nep-ppm New Economics Papers
on Project, Program and Portfolio Management
Issue of 2012‒11‒03
five papers chosen by
Arvi Kuura
Parnu College - Tartu University

  1. Technology Classification with Latent Semantic Indexing By D. THORLEUCHTER; D. VAN DEN POEL
  2. How Should Benefits and Costs Be Discounted in an Intergenerational Context? By Cropper, Maureen
  3. Rare Disasters, Tail-Hedged Investments, and Risk-Adjusted Discount Rates By Martin L. Weitzman
  4. Tools for assessing the costs and benefits of green growth : the U.S. and Mexico By Harrington, Winston; Morgenstern, Richard; Velez-Lopez. Daniel
  5. Designing electiricty transmission auctions: an introduction to the relevant literature By Greve,T.; Pollitt, M. G.

    Abstract: Many national and international governments establish organizations for applied science research funding. For this, several organizations have defined procedures for identifying relevant projects that based on prioritized technologies. Even for applied science research projects, which combine several technologies it is difficult to identify all corresponding technologies of all research-funding organizations. In this paper, we present an approach to support researchers and to support research-funding planners by classifying applied science research projects according to corresponding technologies of research-funding organizations. In contrast to related work, this problem is solved by considering results from literature concerning the application based technological relationships and by creating a new approach that is based on latent semantic indexing (LSI) as semantic text classification algorithm. Technologies that occur together in the process of creating an application are grouped in classes, semantic textual patterns are identified as representative for each class, and projects are assigned to one of these classes. This enables the assignment of each project to all technologies semantically grouped by use of LSI. This approach is evaluated using the example of defense and security based technological research. This is because the growing importance of this application field leads to an increasing number of research projects and to the appearance of many new technologies.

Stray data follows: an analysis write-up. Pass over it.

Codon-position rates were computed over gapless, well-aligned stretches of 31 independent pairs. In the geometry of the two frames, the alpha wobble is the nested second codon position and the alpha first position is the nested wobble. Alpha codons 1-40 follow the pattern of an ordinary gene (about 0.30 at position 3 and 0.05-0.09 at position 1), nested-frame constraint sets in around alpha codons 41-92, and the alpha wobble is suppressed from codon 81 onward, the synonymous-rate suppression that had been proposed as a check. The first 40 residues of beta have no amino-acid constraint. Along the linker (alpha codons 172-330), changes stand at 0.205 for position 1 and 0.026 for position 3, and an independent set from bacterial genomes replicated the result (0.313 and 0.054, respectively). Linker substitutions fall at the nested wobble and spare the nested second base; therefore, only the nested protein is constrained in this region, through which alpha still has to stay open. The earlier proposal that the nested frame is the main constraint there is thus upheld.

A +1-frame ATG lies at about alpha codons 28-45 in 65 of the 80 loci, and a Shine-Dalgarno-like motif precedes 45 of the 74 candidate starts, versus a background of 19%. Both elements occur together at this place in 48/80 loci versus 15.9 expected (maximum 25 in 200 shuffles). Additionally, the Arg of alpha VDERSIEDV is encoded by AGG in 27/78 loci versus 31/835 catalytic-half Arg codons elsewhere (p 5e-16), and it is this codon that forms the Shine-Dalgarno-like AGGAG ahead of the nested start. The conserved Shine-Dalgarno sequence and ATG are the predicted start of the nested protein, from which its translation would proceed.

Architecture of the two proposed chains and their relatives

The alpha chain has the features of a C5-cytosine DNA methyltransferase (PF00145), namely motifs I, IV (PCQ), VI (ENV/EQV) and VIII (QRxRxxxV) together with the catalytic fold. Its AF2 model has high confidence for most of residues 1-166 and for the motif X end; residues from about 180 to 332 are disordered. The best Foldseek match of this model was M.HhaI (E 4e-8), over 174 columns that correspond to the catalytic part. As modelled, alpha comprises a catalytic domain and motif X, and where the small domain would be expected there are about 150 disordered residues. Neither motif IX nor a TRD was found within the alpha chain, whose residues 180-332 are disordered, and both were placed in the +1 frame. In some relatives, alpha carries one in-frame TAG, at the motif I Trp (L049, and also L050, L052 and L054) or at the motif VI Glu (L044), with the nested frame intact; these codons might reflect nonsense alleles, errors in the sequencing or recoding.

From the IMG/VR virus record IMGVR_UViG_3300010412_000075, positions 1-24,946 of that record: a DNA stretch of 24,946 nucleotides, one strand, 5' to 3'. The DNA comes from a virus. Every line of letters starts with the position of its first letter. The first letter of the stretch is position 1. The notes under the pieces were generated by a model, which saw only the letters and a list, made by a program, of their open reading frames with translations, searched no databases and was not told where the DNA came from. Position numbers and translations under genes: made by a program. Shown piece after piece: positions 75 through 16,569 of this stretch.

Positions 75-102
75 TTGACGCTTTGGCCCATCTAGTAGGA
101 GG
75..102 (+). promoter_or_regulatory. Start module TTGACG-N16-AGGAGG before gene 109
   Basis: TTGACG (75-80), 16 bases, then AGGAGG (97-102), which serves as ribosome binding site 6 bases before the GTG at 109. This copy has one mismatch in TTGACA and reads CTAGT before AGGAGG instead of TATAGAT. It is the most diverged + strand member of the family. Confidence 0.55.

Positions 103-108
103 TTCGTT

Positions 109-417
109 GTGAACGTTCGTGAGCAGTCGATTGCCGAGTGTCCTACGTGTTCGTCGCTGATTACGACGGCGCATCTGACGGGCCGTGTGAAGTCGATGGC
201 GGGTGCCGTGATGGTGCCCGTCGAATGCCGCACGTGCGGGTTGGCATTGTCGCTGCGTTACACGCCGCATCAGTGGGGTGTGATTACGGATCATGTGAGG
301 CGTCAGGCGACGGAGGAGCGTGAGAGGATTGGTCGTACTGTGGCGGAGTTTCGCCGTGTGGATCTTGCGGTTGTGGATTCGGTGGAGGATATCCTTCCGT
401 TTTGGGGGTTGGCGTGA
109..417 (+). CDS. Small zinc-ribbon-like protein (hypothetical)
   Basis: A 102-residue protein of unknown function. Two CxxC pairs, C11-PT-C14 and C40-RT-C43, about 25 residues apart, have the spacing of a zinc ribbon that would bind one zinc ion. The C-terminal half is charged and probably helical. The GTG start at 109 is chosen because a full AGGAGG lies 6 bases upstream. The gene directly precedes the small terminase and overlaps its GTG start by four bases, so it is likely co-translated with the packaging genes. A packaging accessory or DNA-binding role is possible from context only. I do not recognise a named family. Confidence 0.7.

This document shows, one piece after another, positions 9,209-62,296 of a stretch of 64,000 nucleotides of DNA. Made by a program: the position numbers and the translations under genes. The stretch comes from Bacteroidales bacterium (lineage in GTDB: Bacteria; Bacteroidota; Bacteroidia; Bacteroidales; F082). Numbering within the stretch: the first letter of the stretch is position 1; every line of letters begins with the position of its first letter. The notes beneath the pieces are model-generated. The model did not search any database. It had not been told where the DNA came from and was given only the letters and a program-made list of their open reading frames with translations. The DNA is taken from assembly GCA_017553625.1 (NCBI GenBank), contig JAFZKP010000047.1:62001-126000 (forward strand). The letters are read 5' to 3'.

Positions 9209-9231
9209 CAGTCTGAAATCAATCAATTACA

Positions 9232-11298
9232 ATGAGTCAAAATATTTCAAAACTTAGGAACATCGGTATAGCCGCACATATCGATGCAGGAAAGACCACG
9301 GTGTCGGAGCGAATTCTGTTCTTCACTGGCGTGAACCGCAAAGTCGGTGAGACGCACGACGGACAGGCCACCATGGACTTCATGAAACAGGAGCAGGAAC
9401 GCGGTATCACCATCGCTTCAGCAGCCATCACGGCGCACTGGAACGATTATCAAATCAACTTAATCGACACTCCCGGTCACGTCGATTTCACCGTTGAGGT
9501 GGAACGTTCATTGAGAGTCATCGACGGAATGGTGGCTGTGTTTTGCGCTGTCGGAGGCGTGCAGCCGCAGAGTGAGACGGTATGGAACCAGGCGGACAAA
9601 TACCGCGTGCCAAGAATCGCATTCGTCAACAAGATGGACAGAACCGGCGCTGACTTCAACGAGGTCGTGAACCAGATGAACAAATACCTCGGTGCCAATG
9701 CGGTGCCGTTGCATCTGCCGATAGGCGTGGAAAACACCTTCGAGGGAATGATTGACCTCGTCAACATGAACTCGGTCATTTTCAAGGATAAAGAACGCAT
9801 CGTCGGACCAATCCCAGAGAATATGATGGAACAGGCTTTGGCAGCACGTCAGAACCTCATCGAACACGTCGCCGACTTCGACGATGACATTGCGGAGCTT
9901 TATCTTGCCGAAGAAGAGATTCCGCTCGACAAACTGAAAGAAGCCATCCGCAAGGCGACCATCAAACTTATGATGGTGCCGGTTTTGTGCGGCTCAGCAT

Keywords: Latent semantic indexing, SVD, Classification, Research Funding
    Date: 2012–09
  2. By: Cropper, Maureen (Resources for the Future)
    Abstract: Should governments, in discounting the future benefits and costs of public projects, use a discount rate that declines over time? The argument for a declining discount rate is a simple one: if the discount rates that will be applied in the future are persistent, and if the analyst can assign probabilities to these discount rates, this will result in a declining schedule of certainty-equivalent discount rates. A growing empirical literature estimates models of long-term interest rates and uses them to forecast the declining discount rate schedule. I briefly review this literature, focusing on models for the United States. This literature has, however, been criticized for a lack of connection to the theory of project evaluation. In cost-benefit analysis, the net benefits of a project in year t (in consumption units) are to be discounted to the present at the rate at which society would trade consumption in year t for consumption in the present. With simplifying assumptions, this leads to the Ramsey discounting formula. The Ramsey formula results in a declining certainty-equivalent discount rate if the rate of growth in consumption is uncertain and if shocks to consumption are correlated over time. Using the extended Ramsey formula to estimate a numerical schedule of certainty-equivalent discount rates is, however, challenging.
    Keywords: discount rate, uncertainty, declining discount rate, cost-benefit analysis
    JEL: D61
    Date: 2012–10–12
  3. By: Martin L. Weitzman